Novak Djokovic storms to fourth 2011 title in Miami
Serb beats Rafael Nadal for the second time in a fortnight to win his fourth title of the year
The two big Masters finals that bring the spring hard-court season to its climax are separated by just two weeks.
They have the same size draw, the same size prize, and are played in the same country.
But not since 1995 had they featured the same two protagonists. Then, Andre Agassi gained revenge in Miami over Pete Sampras, who had won in Indian Wells. This time, it was world No1 Rafael Nadal attempting to turn the tables on world No2 Novak Djokovic.
So good had been the form of both men in Miami that between them they had held 87 of 88 service games, with Nadal dropping just the one serve to concede the only set from either racket on their routes to the final.
However, the Djokovic streak had been truly jaw-dropping: 25 consecutive wins since December 2010, three consecutive titles, and just five sets dropped from 62 played. He was also aiming for the big triple crown of the tennis season’s first swing: the Australian Open and these two prestigious Masters.
So there was something in the air for this final. It was going to be a close one, just as their Indian Wells match had been, and the record-breaking crowd - enthusiastic, vociferous and split down the middle in their allegiance -was electric with anticipation.
The gusty conditions initially seemed to make life a little harder for Djokovic, and a bad mishit in his second service game handed Nadal an early break.
But Nadal, too, looked edgy on his serve, first with a double fault, then a wild off-forehand and finally with a wayward backhand. The nine-minute game offered up three break point chances to Djokovic, but Nadal slugged his way to a hold and a 3-1 lead.
Nadal took further advantage of the conditions by playing high, slow, spinning balls that veered with the wind, and errors started to leak from the Djokovic racket as he conceded another break.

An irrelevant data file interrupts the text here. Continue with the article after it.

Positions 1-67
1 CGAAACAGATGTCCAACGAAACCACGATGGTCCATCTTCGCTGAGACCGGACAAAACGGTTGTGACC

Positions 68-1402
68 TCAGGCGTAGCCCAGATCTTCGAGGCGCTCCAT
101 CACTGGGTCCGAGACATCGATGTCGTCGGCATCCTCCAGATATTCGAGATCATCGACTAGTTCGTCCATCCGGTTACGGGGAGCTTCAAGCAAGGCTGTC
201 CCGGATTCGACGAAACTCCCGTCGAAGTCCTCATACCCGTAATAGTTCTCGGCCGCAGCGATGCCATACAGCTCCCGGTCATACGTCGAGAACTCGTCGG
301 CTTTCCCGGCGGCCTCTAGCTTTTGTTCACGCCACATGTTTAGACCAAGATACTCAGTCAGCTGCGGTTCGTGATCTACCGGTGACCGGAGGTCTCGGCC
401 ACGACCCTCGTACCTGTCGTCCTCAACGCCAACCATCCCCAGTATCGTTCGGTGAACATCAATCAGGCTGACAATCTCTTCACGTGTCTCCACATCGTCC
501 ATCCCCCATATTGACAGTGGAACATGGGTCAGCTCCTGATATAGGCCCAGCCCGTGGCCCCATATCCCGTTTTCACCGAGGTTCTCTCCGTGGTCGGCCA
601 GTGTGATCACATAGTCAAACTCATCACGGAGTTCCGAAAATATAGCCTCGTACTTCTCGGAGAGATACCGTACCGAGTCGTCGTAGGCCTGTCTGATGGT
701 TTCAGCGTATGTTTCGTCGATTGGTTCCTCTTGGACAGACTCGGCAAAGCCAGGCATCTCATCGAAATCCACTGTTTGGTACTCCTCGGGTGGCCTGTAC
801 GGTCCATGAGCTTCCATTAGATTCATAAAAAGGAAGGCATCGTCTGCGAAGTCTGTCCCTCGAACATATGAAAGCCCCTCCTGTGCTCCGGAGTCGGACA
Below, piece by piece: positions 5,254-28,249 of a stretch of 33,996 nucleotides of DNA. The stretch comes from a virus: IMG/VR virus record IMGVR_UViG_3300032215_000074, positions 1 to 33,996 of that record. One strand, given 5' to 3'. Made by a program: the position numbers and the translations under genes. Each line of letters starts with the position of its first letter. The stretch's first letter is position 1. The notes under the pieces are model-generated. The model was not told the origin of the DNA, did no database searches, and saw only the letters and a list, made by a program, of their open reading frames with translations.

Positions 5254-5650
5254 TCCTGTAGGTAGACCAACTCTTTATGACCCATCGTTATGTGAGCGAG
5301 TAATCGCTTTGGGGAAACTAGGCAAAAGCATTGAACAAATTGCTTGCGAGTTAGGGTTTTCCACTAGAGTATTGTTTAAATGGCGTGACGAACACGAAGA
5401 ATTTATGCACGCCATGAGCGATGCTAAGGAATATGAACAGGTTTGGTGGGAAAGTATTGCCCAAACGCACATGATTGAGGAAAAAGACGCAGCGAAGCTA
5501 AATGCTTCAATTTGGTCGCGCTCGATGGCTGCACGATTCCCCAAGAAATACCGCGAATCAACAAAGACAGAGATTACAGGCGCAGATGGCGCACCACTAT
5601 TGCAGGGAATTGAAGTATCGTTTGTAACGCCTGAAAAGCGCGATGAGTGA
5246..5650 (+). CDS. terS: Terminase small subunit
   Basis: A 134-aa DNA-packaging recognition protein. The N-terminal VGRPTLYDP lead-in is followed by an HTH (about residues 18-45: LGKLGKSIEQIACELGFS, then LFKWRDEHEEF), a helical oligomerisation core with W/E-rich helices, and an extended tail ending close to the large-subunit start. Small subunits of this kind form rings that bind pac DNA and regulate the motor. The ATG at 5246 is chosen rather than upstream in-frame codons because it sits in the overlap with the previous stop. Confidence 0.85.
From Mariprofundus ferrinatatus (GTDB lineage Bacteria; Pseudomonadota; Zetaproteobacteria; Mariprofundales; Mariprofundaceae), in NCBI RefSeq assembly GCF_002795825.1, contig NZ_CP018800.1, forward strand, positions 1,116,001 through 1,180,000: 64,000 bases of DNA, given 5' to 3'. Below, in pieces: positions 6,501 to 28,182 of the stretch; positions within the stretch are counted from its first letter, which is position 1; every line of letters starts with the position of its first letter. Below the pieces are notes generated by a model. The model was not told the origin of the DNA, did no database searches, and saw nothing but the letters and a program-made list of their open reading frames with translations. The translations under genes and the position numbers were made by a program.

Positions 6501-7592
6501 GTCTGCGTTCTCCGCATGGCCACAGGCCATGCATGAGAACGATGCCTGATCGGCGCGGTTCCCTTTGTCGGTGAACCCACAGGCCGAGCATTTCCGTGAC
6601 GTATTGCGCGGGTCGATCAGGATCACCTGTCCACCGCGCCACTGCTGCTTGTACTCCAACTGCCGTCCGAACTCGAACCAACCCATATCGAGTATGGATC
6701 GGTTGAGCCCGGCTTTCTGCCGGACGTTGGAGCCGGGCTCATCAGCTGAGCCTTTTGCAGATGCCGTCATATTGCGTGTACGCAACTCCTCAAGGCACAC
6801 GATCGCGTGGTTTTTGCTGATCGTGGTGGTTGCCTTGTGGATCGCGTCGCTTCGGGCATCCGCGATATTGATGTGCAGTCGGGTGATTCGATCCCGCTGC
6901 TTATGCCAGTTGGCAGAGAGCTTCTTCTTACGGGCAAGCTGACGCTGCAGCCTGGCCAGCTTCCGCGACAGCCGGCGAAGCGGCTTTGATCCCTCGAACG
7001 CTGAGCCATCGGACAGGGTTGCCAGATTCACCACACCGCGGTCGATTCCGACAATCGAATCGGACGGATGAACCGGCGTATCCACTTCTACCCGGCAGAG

It took an eight-minute game for Nadal to stretch the lead to 1-5, and that was a sign that Djokovic was getting to grips with the wind and finding his length, pace and a couple of delightful drop shots. The Serb broke serve and pulled back to 4-5, forcing Nadal to serve out the set 6-4.
Battle was well and truly engaged at the start of the second set as both ran down everything their opponent could throw at them, from drops to volleys to searing baseline angles. Even the hyper-fit Nadal looked winded by their exertions.
But Djokovic had clearly worked himself into a rhythm and, with the wind dropping, he eliminated the errors and began to drive Nadal deep into his backhand corner. Nadal, for his part, continued too often to play his backhand slice to Djokovic’s stronger backhand wing and was persistently punished.
The swing in momentum drew an early break for Djokovic to lead 3-0. Nadal managed a break point chance to level things up, but Djokovic continued to counter the Spaniard’s game and out-think him on almost every play.
One moment he dropped a volley short and the next he lobbed over Nadal’s head. First he hit wide to the forehand then wide to the backhand, challenging his opponent to change his tactics. And while Nadal’s serve sank into the sub-60 per cent zone, as it had done at Indian Wells, Djokovic was able to serve out comfortably to love and level the match, 6-3.
Nadal began to look weary both physically and mentally, and the sweat streamed from him. This was gruelling, intense stuff and there was no let-up at the start of the third set as Nadal was forced to defend his opening serve for almost nine minutes.
The clock had already ticked over the two-hour mark, but neither player gave an inch as the set pounded its way through a further hour and a quarter with not a break on either side.
Only a tie-break could decide this one and that, inevitably, had the crowd on its feet from the start. The first five points went against serve before Djokovic managed to hold and then pull clear with a backhand down-the-line winner, 6-2. At the third time of asking, he struck the decisive blow to take his seventh Masters title and his 26th match win in a row.
Djokovic continues to impress in so many ways. Not only is he supremely confident but he is mentally agile in coming up with a different game-plan for whoever he is playing.
Most important of all, though, he has become physically resilient, with no sign of the breathing or energy problems that dogged his former years. Anyone who can stand toe-to-toe with Nadal for more than three hours -and look the fresher man at the end -is an athlete of the first order.
Djokovic and Nadal now have 25 matches under their belts, more than either has played against Roger Federer -though they have some way to go to emulate Sampras and Agassi who met 34 times.
But at just 23 and 24 years of age respectively, and now benefiting from the top two places in the rankings, there is clearly a lot more water to pass under the bridge of the Djokovic/Nadal rivalry.
As they switch to clay, the question on everyone’s lips will be: can Djokovic beat Nadal for the first time on the red stuff?
If he can, the Miami champion will justifiably have that No1 ranking in his sights by the end of the year as well.